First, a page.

One of the most popular and accessible methods of making a print. Linoleum is one of the many materials now available to make a relief print. See also woodcut. Lino is often used to make relief-printing blocks. It is smooth, without a grain, easy to draw on and has the advantage of becoming softer and easier to cut when warmed.
Single block prints
The image is drawn onto the block of lino and areas that are not part of the image are then cut away, leaving the image in relief. Ink is then rolled onto the block and paper is placed on top. Pressure is applied to the back of the paper using a press or by hand to transfer the ink to the paper.
Linocut: Detail from Café: Sally Hands
The graphic qualities of relief printmaking work particularly well with an approach based on drawings which have strong tonal contrasts. Lino is a stable material which can be cut easily in any direction and allows a wide range of marks to be made. Preparatory drawings can easily be altered in scale with a photocopier and transferred to the block ready for cutting.
NB: All relief prints give a reverse image. In order to retain you image the same way round, it has to be reversed onto the block. This is particularly important if you are using lettering.
Any tools which can make a mark in the lino can be used, including motorized power tools. There are specialised gouges and knives which give more predictable results.
Linocut using gouges detail: Alan Figg
Single block linocut with hand colouring using water colour detail: Mexico: Stuart Evans
In addition to one-colour printing, multiple blocks can be used to produce multi colour prints each block carries different colours and need to be registered carefully when printing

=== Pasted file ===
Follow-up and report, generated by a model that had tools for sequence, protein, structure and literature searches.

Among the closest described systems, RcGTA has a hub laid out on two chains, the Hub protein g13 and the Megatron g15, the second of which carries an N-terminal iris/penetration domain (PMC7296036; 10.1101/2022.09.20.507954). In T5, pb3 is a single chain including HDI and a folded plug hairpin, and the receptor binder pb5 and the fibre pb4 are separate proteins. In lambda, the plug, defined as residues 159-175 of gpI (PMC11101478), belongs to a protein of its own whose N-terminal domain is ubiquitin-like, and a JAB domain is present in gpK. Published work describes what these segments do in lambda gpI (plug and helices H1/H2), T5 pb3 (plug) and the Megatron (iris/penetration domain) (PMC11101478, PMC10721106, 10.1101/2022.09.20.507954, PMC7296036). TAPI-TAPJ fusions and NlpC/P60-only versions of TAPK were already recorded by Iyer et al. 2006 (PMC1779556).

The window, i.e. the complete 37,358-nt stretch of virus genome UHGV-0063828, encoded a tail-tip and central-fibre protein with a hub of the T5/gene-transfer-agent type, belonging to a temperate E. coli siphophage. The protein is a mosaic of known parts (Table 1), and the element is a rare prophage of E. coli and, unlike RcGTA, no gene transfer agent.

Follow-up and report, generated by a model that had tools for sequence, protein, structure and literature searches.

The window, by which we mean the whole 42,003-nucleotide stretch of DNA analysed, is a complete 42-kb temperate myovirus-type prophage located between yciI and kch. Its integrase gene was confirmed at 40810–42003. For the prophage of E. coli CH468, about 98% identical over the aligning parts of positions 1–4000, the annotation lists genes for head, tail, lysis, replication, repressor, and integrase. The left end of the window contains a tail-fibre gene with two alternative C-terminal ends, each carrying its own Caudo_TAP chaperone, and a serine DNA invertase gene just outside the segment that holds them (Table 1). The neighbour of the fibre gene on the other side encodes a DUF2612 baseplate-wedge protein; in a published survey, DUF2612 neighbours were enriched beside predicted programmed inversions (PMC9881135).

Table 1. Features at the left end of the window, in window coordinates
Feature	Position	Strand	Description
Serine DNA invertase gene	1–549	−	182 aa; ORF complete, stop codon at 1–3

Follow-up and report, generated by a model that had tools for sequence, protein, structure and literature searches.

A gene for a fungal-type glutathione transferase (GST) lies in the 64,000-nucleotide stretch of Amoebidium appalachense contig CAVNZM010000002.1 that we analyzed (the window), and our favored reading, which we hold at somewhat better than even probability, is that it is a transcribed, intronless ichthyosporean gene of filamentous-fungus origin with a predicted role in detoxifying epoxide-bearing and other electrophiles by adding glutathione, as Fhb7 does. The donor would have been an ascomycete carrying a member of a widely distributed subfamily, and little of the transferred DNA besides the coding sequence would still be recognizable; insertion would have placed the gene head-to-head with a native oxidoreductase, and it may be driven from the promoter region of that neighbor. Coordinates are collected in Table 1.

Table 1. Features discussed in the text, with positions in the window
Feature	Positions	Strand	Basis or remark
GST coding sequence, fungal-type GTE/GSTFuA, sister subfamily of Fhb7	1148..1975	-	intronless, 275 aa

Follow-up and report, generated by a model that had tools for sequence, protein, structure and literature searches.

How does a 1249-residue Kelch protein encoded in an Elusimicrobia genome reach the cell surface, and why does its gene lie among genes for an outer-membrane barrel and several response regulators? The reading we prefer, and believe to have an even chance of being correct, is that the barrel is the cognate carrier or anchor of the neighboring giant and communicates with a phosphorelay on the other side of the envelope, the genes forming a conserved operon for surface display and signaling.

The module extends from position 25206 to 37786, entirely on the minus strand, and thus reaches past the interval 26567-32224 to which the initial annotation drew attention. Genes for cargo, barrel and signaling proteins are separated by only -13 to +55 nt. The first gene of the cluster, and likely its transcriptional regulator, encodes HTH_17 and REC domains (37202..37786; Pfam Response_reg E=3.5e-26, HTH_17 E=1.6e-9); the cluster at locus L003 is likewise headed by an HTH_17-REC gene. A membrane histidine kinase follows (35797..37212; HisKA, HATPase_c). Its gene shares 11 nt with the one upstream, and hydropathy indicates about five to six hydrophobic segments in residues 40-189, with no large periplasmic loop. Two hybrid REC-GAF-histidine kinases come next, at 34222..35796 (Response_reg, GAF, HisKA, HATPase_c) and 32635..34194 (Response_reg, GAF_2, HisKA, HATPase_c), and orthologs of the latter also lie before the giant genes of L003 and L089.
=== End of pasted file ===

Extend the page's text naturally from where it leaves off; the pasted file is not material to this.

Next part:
Multiblock linocut detail: Raeburn, Teapot and Black Dog: Sally Hands
The reduction method much favoured by Picasso can also be used to produce multi colour prints from one block making the registration process much easier. Each colour is printed in turn on the entire edition of the print then cut away making way for the next colour until the there is very little left of the original block. This method has its pitfalls and needs planning but is an exciting way of making colour prints.
Reduction linocut detail: Robert Macdonald
Bernard Green was an artist who produced a brilliant range of landscapes using this method with amazingly subtle gradations of tone. He worked very largely in Pembrokeshire. Due to the generosity of his widow, we have his Columbian Press in Swansea Print Workshop.
Linoleum was being made from around the 1860’s but its potential as a printmaking material was not exploited until around the turn of the century. Franz Cisek, a Viennese art educator introduced it as a medium for children to use. Its potential was quickly recognised by artists and illustrators alike and it has continued to be widely used in schools. It was also a great medium for making posters and features largely in the history of oppressed groups of people who were denied access to commercial printing methods.
Relief Printmaking: Ann Westley: A&C Black: ISBN 0-7136-5036-2
Printmaking Handbooks Series: conceived as an introduction to various topics and techniques related to making prints. The books are aimed at the student or the practiced printmaker who is experimenting in a new area.
The Complete Manual of Relief Printmaking: Katie Clemson and Rosemary Simmons:Alfred A. Knopf. New York 1988:ISBN 0-394-56853-2
Excellent book that is out of print but can be sourced second hand